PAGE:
Kathryn Fouse serves on the faculty of Samford University in Birmingham, Alabama where she is the Coordinator of Piano Pedagogy and Class Piano. In addition to her commitment to educa-tion, she continues to maintain an active career as a virtuoso pianist and a profes-sional accompanist. Having developed a strong interest in contemporary music, Dr. Fouse frequently presents lecture-re-citals in an effort to bring greater under-standing of this music to audiences. In 1992 Kathryn was the national recipient of the Merle Montgomery Doctoral Grant awarded by Mu Phi Epsilon for her re-search into the Surrealist movement and its influence on American composers. Her special interest in the study and per-formance of American piano music of the Twentieth Century has resulted in invita-tions to present her research in lecture- recitals at such prestigious institutions as the University of Illinois, Baylor Univer-sity, the Dallas Art Museum, Gothenburg University (Sweden) and the Norwegian State Academy of Music (Oslo).

On the program will be works by Alabamians Adriana Perera, Michael Coleman, Cynthia Miller, William Price, Holland Hopson, Edwin Robertson, and Monroe Golden.

The Birmingham Art Music Alliance is supported by a grant from the Alabama State Council on the Arts.

For additional information on the November 5 performance at Shel-ton State Community College, con-tact Syble Coats at 205.391.2270 or [emailprotected].


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OCTOBER 31 + NOVEMBER 14 201314 >>> PLANETWEEKLY • tuscaloosa's souRcE foR EntERtainmEnt, music, spoRts & tHE aRts

>>> UA EVENT | s t a f f R E p o R t


The Support the Arts License Tag Committee is now seeking submissions for a new design. The deadline is NOVEMBER 21, 2013 For information and guidelines please send an e mail to: [emailprotected]

Students, Teachers, Artists, Graphic Designers, etc. are all encouraged to submit.

Electronic submission is required. Guidelines are very specific and will be e mailed to anyone who is interested.

on thursday, november 7, at 12 noon, the public is invited, for free, to hear Dr. Robert O. Mellown, Associate Professor of Art History Emeritus at the University of Alabama, and a rec-ognized authority on the architecture of Tuscaloosa and of the UA campus, present the inaugural talk of the Ala-bama’s Center for the Book Lunchtime Speaker Series, spotlighting recent works by Alabama writers. He will talk about some of the fascinating history of Alabama’s historic campus from his new book, The University of Alabama: A Guide to the Campus and Its Archi-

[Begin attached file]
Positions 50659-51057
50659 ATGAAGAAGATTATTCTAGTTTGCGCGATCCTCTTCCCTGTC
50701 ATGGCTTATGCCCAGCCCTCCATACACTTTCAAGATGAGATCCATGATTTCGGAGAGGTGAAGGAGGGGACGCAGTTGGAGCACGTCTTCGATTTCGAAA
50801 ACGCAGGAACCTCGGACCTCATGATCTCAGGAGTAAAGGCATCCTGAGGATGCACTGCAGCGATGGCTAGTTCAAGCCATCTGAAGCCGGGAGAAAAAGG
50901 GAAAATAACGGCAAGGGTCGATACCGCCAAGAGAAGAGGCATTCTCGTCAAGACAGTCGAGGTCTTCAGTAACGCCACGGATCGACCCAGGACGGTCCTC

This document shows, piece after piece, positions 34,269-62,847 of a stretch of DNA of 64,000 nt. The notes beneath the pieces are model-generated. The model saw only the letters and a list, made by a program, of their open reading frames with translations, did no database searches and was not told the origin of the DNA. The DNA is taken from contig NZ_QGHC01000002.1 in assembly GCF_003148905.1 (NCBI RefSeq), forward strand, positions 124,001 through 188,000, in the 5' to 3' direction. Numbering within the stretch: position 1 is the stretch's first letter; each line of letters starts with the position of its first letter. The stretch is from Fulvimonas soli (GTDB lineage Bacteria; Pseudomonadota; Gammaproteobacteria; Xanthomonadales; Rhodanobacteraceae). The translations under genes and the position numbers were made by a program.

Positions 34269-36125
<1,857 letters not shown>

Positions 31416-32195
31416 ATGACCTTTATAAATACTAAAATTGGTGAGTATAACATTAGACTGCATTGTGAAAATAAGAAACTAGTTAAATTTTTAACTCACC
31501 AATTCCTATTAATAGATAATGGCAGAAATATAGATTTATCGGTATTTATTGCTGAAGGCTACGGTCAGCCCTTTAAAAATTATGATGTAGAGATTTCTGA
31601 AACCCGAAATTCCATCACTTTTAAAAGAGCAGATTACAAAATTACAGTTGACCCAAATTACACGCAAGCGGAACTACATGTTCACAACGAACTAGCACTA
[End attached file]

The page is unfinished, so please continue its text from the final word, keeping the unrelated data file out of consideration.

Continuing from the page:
tecture [,5713.aspx]

Dr. Mellown has written numerous articles for Alabama Heritage Maga-zine [] and The Alabama Review []. He is a recognized authority on Tuscaloosa historic structures, including Bryce Hospital, Jemison-Van de Graaf Mansion, the Marmaduke Williams House, and the Drish Mansion, writ-ing detailed reports for the Alabama Historical Commission. Mellown has

also participated in historical archaeo-logical investigations of the UA Rotunda, Alabama Capitol (in Capitol Park) and is currently consultant for the UA Department of Archaeology in the historical investigation of the Downtown Hotel Site. Dr. Mellown is also a popular speaker for the Tuscaloosa Preservation Society and other venues.

The talk will be presented in room 205 in the east wing of Gorgas Library. Attendees are encour-aged to bring a brown bag lunch or purchase lunch in the library’s grab-and-go café. For more informa-tion email: [emailprotected] For parking and other info:

Photo by Jeff H


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>>> A L B U M R E V I E W |W i l l ia m Ba R sH o p

an interactive experience, employ-ing the user’s webcam and smartphone to let them manipulate the media they’re consuming, sounds like a string of words a frustrated CEO would shout at his board of directors, slamming his fist on the table, desperate to appeal to millennials. But that’s the best way to describe the short film that accompanies the nu-disco title track from Arcade Fire’s new album, Reflektor.

The Vincent Morisset-directed video that complements the seven minute disco epic reacts to a smart phone pointed at the webcam like a mirror concentrating light rays. It sounds like a cheap gimmick, but when you actually watch the film, wav-ing around a device with more process-ing power than the Apollo 11, it doesn’t feel like something that would have been impossible 50 years ago. The surreal im-ages of mirror monsters roaming beautiful Haitian landscapes trump the absurdity of technology.